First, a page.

Lymphocytic myocarditis and dilated cardiomyopathy: treatment with immunosuppressive agents
Robert E. Hobbs, MDAddress reprints requests to R.E.H., Department of Cardiology, The Cleveland Clinic Foundation, One Clinic Center, 9500 Euclid Avenue, Cleveland, Ohio 44195.
David Pelegrin, RN
Norman B. Ratliff, MD
Corinne Bott-Silverman, MD
Gustavo Rincon, MD
Richard Sterba, MD
Kavita Badhwar, MA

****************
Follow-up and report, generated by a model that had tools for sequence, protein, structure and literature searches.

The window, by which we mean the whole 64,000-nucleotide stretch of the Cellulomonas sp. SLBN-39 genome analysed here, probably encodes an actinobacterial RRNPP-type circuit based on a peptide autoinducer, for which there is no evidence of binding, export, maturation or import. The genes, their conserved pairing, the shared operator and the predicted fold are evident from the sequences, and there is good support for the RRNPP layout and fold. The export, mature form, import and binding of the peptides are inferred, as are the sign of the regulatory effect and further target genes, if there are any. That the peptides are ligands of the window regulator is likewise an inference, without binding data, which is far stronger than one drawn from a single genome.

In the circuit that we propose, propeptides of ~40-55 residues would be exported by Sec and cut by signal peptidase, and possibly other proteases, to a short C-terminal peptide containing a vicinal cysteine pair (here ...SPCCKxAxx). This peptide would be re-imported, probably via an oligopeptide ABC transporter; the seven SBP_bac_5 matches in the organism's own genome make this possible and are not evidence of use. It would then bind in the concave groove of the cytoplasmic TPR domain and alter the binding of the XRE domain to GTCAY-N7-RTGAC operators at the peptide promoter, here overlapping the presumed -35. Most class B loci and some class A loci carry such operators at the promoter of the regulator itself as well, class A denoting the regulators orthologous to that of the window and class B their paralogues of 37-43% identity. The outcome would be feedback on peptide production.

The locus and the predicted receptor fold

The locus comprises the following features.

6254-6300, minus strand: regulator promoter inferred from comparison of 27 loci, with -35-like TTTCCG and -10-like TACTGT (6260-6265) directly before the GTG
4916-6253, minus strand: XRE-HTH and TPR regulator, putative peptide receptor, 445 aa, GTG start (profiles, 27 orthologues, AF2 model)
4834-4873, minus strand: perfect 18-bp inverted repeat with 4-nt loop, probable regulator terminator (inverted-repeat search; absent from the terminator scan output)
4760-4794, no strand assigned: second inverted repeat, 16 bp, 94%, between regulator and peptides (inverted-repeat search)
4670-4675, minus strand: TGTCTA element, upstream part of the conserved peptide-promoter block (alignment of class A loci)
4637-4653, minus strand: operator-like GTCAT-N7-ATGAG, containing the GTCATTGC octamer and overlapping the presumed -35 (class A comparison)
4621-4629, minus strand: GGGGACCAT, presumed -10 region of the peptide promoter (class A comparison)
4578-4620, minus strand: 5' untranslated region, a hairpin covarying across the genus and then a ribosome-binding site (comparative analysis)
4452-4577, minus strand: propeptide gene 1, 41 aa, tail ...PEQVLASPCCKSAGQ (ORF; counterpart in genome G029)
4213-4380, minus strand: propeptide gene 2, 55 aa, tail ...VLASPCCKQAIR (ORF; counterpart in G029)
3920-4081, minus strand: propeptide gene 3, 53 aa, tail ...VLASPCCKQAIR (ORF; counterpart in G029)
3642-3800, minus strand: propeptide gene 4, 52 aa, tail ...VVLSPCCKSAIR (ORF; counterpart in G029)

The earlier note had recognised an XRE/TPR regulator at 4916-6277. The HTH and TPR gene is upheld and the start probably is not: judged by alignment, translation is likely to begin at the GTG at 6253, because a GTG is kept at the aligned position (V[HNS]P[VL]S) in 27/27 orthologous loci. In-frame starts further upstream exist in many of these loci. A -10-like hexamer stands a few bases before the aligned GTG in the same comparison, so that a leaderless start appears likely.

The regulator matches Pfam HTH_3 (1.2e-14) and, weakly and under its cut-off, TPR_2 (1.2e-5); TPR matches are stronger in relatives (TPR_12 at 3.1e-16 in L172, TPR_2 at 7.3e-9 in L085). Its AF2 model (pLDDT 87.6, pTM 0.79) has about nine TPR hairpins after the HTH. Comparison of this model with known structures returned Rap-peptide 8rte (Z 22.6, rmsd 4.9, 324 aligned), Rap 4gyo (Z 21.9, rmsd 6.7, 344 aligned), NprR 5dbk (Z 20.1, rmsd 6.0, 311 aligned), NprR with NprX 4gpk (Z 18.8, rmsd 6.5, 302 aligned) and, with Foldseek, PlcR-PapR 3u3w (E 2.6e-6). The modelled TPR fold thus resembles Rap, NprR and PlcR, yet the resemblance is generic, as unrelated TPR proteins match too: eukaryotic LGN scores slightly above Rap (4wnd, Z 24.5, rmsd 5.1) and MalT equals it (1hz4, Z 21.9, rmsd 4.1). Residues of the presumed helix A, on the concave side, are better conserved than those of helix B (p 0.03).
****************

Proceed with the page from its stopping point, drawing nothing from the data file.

Thirty-four patients with history of congestive heart failure, dilated cardiomyopathy, and biopsy-proven lymphocytic myocarditis were treated for six months with immunosuppressive agents (prednisone and azathioprine) in addition to standard therapy for congestive heart failure. Seventy-three percent had improvement or resolution of the lymphocytic infiltrate, whereas 27% had persistent infiltrates. Improvement in myocardial histologic findings was unpredictable and did not correlate with age, gender, duration of symptoms, initial functional class, severity of left ventricular dysfunction, intensity of initial inflammatory infiltrate, or degree of myocardial cell injury. Histologic response was associated with significant improvement in left ventricular ejection fraction, but not cardiothoracic ratio, left ventricular dimensions, or survival. Functional class improved equally whether patients’ disease did or did not respond to the treatment, and was not necessarily associated with objective improvement in cardiac function. Immunosuppressive therapy resulted in serious or fatal side effects in 24% of patients. Overall long-term survival was 79% at one year and 76% at two years. Poor survival was related to left ventricular ejection fraction less than 20%, male sex, age <50 years, and marked left ventricular dilation, but not to myocardial histologic findings. These findings indicate that the potential benefits v the risks of immunosuppressive therapy must be weighed carefully in the individual patient.